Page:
View of Old Town Dubrovnik and Lokrum Island from the Dubrovnik Walls

On the southern Dalmatian coastline of Croatia lies Dubrovnik, an old walled city that overlooks a sparkling Adriatic Sea. It’s one of the most popular destinations in Croatia–if not for its breezy seaside charm, then for its famed Game of Thrones filming locations that have fans from all over the world booking their vacations to walk sites like King’s Landing firsthand.

 

 

Dubrovnik’s history goes back to a 7th century Greek discovery in the Mediterranean. It grew into a thriving maritime port, defended from enemies like the Venetians by the tall walls that mark the Old Town’s border today. It then became one of the first republics in the world in 1358. When walking down the narrow cobbled passageways, you’ll bear witness to Baroque, Gothic, and Renaissance designs–and while much was damaged during a devastating 1667 earthquake, the city has been preserved and is protected as a UNESCO World Heritage Site.

 

 

This “Pearl of the Adriatic” is the perfect destination for your first time in Croatia. From fresh seaside cuisine with views of Lokrum Island and Mount Srd, to medieval artifacts and sites like one of the first pharmacies in Europe, you’ll get a real feel for Croatian culture and the locals’ peaceful pace of life.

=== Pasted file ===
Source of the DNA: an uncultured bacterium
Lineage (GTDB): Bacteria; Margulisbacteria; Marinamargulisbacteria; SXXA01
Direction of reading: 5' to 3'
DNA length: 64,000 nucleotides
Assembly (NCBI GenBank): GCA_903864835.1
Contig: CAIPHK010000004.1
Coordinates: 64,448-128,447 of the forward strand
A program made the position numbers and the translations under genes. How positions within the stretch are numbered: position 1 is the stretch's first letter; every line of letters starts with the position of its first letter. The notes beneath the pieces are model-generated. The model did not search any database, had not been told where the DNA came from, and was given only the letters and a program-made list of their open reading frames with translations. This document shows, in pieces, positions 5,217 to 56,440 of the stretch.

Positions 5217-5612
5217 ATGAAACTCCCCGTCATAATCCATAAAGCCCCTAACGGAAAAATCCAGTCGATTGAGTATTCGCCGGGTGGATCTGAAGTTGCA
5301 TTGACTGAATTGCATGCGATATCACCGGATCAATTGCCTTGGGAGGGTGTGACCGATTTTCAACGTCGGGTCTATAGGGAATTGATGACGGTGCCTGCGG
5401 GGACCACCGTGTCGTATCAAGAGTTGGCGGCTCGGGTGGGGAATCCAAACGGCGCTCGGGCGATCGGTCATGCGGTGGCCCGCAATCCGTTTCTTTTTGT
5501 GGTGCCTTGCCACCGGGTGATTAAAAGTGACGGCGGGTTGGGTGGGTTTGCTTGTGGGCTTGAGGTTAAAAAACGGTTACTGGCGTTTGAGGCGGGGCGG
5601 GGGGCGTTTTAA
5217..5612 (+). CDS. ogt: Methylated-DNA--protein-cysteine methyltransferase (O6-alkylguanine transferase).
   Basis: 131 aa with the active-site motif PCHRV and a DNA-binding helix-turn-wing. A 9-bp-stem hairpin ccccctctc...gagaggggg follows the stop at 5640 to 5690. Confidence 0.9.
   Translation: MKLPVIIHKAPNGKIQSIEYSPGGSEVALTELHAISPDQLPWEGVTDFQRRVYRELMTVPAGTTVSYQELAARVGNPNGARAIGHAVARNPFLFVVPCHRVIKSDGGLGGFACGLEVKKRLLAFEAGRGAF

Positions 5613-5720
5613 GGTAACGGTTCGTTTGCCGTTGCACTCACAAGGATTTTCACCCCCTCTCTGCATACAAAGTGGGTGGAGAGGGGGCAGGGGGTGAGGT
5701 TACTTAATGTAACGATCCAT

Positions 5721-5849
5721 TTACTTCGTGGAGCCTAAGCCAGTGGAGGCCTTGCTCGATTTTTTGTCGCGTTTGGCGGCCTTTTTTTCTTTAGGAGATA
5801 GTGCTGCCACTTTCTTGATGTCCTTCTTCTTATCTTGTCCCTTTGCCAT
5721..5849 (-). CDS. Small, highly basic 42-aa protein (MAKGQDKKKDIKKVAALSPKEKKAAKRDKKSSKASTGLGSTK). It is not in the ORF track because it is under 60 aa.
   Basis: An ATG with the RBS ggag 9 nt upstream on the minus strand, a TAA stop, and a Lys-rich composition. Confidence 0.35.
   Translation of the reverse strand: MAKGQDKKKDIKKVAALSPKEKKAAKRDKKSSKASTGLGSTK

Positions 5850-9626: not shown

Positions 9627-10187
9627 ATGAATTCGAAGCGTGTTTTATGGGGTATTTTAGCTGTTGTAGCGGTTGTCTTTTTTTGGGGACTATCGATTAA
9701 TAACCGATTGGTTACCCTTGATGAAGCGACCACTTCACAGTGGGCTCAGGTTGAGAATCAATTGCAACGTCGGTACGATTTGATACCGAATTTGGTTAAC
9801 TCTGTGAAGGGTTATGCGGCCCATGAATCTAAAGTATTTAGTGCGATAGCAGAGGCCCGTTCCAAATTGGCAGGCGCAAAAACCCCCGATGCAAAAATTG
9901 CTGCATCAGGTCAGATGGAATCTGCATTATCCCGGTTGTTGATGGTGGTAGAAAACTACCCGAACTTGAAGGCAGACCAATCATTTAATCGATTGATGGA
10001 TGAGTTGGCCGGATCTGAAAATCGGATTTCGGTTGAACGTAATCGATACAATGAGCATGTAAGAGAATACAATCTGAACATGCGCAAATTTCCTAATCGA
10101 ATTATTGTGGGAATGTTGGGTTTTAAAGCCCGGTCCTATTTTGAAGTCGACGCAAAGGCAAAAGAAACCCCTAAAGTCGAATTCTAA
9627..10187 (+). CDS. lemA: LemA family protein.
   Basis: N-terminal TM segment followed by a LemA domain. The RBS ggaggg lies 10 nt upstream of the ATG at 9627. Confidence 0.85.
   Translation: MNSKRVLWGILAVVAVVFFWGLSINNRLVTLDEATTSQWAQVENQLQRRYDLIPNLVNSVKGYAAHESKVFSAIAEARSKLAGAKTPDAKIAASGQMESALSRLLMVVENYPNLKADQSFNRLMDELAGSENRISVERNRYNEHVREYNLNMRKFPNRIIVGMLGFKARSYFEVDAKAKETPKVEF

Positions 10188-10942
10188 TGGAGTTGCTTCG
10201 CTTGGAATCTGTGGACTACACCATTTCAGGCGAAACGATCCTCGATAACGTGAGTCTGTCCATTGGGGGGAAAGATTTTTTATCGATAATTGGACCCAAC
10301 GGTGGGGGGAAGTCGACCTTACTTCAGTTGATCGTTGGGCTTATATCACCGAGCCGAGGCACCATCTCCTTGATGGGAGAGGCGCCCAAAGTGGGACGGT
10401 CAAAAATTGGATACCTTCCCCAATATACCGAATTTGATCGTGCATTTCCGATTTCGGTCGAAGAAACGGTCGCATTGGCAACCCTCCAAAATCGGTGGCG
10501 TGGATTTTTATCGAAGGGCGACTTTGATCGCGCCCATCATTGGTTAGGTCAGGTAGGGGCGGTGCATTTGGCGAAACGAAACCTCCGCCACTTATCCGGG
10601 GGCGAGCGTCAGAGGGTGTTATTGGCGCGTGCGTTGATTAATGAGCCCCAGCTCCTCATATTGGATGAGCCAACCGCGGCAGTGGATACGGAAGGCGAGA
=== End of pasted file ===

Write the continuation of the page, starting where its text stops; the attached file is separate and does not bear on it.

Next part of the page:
Planning your trip

Dubrovnik Cathedral
Photo credit: Megan Kudla

Plan to spend around 2 to 3 days in Dubrovnik if you are traveling around the country and hitting other spots like Split, Zagreb, or the myriad of coastal islands. You can fly right into Dubrovnik by taking an international flight to Dubrovnik Ruđer Bošković Airport (or Čilipi Airport). Since I flew into and out of Split, I got to the city via a bus, as there are no trains. If you go by bus, use FlixBus. Your other option would be to rent a car.

 

 

As for when to go, October was a perfect time to visit. This is right at the end of the tourist season, which means the weather is a bit more mild (but still perfectly warm and pleasant), and the crowds are more manageable when it comes to dodging tour groups and other visitor foot traffic. Despite the popularity of Old Town, it’s a really safe city. In fact, the entire country is great for entire families to visit and feel relaxed in.

 

 

When researching currency, you may see the kuna (HRK) pop up. This was the country’s official currency from 1994 and 2023, but the Euro is now utilized as of January 2023. While credit cards are acceptable in most places, still order some Euro before you go. I ran into a few “cash only” situations, such as when buying a souvenir at a local artisan’s shop in the middle of town.

 

 

Finally, when you are considering where to stay, you may want to find something either inside the Old Town walls or somewhere close by. I rented a quaint and cozy single-room Airbnb that resided at the top of a mountain of steps within the walls and was nestled in the midst of outdoor plants. I was quite pleased with the 10/10 ambience! But there are plenty of other options, and no matter what you choose, you’ll find that you can easily use the public bus system to get to Old Town.